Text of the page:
"People lose perspective about the Masters . . . I've played courses I thought were better tests of golf . . . Riviera, Merion, Colonial, Pebble Beach. Those courses test every type of shot and penalize none . . . I rebel against the Masters-mania that says I've died and gone to heaven when I come to Augusta. But, here, saying that is a sacrilege." --Jack Renner, PGA tour's 11th-leading money winner in 1981

When Thursday's pairings for the Masters were posted, golf's cynical cognoscenti chuckled. The very last man off the first tee would be sharp-tongued Jack Renner, the skinny 25-year-old pro who had the nerve to say the Masters wasn't wearing any clothes.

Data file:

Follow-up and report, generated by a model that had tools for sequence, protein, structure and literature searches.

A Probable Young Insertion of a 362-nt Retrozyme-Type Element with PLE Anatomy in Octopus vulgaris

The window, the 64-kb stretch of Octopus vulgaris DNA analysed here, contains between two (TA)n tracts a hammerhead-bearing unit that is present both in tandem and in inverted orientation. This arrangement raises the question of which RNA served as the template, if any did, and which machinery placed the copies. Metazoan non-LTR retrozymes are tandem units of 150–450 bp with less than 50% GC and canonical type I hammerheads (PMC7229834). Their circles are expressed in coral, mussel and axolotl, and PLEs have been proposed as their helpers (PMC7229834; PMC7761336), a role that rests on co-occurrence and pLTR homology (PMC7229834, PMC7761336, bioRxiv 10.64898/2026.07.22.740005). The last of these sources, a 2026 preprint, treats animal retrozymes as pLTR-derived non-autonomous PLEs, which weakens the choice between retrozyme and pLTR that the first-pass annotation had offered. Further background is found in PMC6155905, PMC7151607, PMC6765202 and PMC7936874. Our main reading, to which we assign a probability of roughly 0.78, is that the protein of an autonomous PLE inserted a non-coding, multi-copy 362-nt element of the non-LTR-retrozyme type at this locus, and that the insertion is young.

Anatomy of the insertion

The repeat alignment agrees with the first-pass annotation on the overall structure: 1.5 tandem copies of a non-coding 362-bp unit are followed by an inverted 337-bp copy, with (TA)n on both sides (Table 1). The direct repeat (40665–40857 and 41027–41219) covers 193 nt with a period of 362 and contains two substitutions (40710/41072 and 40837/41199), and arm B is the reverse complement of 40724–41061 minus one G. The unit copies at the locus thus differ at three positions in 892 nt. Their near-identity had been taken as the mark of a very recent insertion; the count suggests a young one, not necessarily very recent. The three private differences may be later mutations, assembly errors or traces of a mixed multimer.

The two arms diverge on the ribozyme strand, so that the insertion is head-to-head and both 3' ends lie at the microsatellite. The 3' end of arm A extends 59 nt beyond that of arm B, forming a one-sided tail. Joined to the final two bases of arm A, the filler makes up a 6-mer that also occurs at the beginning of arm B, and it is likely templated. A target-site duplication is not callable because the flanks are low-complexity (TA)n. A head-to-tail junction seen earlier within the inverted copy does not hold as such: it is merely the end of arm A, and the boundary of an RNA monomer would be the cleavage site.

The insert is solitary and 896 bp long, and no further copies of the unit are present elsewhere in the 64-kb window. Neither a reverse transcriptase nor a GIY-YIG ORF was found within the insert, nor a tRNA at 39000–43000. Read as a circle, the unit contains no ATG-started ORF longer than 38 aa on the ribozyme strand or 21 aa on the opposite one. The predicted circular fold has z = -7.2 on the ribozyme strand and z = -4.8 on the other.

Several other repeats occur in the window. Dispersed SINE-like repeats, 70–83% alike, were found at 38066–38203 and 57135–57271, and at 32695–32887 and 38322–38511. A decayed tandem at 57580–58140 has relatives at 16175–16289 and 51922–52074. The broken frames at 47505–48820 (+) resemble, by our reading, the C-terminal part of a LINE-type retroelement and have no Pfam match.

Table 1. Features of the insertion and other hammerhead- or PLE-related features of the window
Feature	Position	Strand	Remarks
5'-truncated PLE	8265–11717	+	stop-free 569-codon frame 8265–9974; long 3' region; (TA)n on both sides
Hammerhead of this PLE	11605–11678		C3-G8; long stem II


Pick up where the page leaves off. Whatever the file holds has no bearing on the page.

All this spring, when asked, Renner has been blunt in his reservations about the greatness of Augusta, saying that it unfairly penalized the games of many excellent players--for instance, himself.

Renner simply voiced the question on many golf minds for the last several years: How good is the Masters, really?

Again this week, Renner said what others mumble--that Augusta National is a restrictive club in more than one sense. The Masters does a good job of perpetuating the glory of a handful of players whose style is suited to the course, and who, after learning the course's strategic secrets, seem to be permanent fixtures at the top. Equally fine players--elsewhere--seldom have a chance here.